Neom, a Saudi Arabian city that officials call “the world’s most ambitious project” is under construction along the Red Sea shore in Tabuk, a northwestern province. Plans call for an urban center 33 times the size of New York City, with revolutionary innovations in everything from transportation to education to design. Neom is a piece of Saudi Arabia’s Vision 2030, a plan to make the country less dependent on oil and transform its society.
A city of this size, which is being built on 10,000 square miles in the desert, also requires new ways to address the region’s perpetual water shortage—which is exacerbated by a growing population that increasingly demands more water. Neom’s rocky terrain is a challenge, however, for any type of infrastructure; consultants cite the sun and saltwater as the area’s primary natural resources.
To make the city livable, Neom’s architects and planners have been forced to grapple with how to provide clean water to future residents. One proposed solution, “cloud seeding,” has raised eyebrows among skeptics who also wonder whether Neom’s proposed flying taxis and glow-in-the-dark sand beaches will become reality.
However, recent scientific research shows that cloud seeding might actually work. The technology is based on the concept that some molecules make a strong foundation for snow, a discovery made in the 1940s. One chemist even famously dumped six pounds of dry ice from an airplane flying over Western Massachusetts, causing it to snow.
Everyone from state municipalities to ski resorts has tried this technique as well. Some use snow seeding machines to create smoke that wafts into the air, while others use planes to fly into storms or drop flares into a cloud. Each technique “seeds” clouds with silver iodide, which creates snow, rain, or ice because freezing water vapor easily attaches to the compound.
Recent studies of US cloud seeding programs show that the technique works when the air is filled with freezing, moist clouds. In 2014, for example, researchers studying cloud seeding over two mountain ranges in Wyoming found that it could increase snowfall as much as 15 percent in the correct conditions. In Nevada, cloud seeding programs have increased snowfall by as much as 10 percent—enough water to maintain about 150,000 households. While the process for measuring the results of cloud seeding still needs work, the process remains affordable and shows promise.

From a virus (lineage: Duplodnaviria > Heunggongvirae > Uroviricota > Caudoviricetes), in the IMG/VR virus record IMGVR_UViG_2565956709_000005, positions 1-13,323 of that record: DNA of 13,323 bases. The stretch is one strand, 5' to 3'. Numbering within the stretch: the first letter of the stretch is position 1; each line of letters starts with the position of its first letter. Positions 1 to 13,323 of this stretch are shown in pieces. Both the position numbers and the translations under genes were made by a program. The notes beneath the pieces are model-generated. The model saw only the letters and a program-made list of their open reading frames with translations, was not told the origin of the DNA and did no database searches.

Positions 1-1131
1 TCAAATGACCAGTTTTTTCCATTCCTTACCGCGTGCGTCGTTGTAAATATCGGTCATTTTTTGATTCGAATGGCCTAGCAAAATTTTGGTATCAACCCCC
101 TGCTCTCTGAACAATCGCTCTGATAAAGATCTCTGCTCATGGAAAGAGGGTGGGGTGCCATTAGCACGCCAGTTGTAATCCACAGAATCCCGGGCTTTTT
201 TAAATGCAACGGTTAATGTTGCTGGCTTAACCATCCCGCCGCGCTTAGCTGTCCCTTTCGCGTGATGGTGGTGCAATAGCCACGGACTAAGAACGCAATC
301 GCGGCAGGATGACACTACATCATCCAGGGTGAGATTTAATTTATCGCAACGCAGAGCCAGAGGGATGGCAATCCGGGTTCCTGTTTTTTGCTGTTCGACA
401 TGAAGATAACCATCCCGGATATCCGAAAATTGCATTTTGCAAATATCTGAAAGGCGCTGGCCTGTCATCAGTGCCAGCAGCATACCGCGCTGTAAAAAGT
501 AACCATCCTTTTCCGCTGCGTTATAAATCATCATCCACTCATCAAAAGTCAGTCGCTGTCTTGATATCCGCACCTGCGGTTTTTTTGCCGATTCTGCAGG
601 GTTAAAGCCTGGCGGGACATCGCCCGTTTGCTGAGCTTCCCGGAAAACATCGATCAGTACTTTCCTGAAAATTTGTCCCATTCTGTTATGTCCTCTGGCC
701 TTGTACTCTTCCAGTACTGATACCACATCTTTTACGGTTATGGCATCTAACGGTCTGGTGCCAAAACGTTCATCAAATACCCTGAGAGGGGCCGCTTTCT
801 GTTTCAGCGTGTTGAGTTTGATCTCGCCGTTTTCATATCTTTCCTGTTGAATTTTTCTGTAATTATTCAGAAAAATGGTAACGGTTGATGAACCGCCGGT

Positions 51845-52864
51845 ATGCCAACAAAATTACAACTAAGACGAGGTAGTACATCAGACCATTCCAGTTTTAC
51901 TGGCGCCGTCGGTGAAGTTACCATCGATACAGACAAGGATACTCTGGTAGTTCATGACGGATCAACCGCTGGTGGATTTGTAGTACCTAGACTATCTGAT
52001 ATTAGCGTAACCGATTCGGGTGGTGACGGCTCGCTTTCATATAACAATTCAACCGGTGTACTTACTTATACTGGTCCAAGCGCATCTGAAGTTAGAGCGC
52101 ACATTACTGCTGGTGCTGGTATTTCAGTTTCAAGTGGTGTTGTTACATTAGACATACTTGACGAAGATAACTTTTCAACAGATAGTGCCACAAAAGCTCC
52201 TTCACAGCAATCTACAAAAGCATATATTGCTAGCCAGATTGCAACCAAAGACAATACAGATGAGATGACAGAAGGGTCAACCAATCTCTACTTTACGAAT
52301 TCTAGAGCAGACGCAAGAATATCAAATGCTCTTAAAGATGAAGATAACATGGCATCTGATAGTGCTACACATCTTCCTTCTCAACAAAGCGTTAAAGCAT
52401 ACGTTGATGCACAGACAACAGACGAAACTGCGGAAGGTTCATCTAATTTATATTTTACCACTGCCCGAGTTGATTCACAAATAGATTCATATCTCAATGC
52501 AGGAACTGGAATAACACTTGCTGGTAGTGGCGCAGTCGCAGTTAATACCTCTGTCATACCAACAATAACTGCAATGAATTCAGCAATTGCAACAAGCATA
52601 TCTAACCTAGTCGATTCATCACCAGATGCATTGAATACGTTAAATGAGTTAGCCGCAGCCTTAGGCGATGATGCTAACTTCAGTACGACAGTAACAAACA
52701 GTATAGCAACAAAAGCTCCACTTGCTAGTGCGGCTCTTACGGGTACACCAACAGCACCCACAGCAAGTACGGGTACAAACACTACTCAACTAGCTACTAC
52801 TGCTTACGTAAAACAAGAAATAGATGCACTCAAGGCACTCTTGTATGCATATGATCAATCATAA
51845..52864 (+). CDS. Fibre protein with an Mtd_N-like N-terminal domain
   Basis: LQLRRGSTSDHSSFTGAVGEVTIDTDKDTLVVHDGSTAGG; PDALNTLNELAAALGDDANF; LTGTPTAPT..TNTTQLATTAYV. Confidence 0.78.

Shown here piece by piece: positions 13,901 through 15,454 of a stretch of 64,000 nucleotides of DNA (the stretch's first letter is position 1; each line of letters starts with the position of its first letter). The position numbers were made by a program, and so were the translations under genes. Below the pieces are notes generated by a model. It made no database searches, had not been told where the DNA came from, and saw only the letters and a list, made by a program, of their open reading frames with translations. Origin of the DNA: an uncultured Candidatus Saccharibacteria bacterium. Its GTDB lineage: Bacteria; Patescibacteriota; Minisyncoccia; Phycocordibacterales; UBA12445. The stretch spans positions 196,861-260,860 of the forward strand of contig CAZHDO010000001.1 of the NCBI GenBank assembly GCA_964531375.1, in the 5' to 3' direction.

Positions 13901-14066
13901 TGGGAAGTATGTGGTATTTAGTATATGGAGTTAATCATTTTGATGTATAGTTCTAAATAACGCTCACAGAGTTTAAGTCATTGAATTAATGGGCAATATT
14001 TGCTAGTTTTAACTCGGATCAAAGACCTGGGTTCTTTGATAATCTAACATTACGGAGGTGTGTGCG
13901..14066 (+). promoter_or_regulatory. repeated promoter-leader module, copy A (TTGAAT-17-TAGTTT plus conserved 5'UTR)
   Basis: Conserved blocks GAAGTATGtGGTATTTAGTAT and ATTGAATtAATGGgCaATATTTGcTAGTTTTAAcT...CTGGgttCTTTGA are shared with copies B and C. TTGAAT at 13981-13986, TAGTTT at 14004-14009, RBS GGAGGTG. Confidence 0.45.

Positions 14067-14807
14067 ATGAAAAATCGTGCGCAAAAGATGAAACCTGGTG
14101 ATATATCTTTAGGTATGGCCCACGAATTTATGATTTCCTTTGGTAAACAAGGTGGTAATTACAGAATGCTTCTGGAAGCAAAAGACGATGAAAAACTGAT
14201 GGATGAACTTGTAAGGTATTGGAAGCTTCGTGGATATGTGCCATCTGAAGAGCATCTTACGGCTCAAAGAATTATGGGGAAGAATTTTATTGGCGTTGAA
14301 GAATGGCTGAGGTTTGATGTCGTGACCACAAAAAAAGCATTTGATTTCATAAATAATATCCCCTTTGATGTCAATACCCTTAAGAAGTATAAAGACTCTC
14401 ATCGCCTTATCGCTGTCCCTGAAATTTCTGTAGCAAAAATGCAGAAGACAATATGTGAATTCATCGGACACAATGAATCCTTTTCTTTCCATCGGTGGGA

Saudi officials recently announced plans to complete the world’s first solar-powered desalination plant, a “solar dome” that removes salt from ocean water and creates potable water. Work on the plant began in early February and should be finished by the end of 2020. Plans call for a carbon-neutral facility which, if successful, could significantly impact future water desalination projects in the Middle East.
The solar dome is designed to produce a lot of fresh water cheaply—estimates price it at 34 cents per cubic meter, much cheaper than other desalination efforts in the region. While standard desalination plants use reverse osmosis to extract salt from water, a process that requires a significant amount of energy, this facility will use energy stored from the sun. This solar-powered process will cost less and have less impact on the environment.
Thanks to its solar energy stores, the Neom water desalination plant can run at night. Researchers say its technology also will create less brine—a high-salt substance that often is returned to the sea and harms marine life—and will not discharge it into the ocean. Cranfield University in the United Kingdom developed the plant’s concentrating solar power (CSP) technology, which pumps seawater into a glass-and-steel dome, where it becomes fresh water through a process of superheating, evaporation, and precipitation. This will be the first time CSP technology has been used in large-scale water desalination.
Officials have praised the project, noting that it supports the country’s goals for sustainability. The project will remain “drought-proof,” as it needs only sunlight and seawater to work.
“This type of technology is a powerful reminder of our commitment to supporting innovation, championing environmental conservation and delivering exceptional livability,” Neom CEO Nadhmi Al-Nasr recently told a media outlet. “Working together with the Ministry of Environment, Water, and Agriculture, we can expand the implementation of this technology beyond Neom.”
If this plant is successful, it will bode well for other Middle Eastern countries looking for better ways to provide fresh water. Not only would solar dome technology open up new sources of fresh water, but it would do so in a cost-effective and environmentally friendly process.
Some parts of Neom already have been built, including an international airport—its first flight landed in June 2019. Other aspects, such as a giant artificial moon and flying taxis, remain on the drawing board.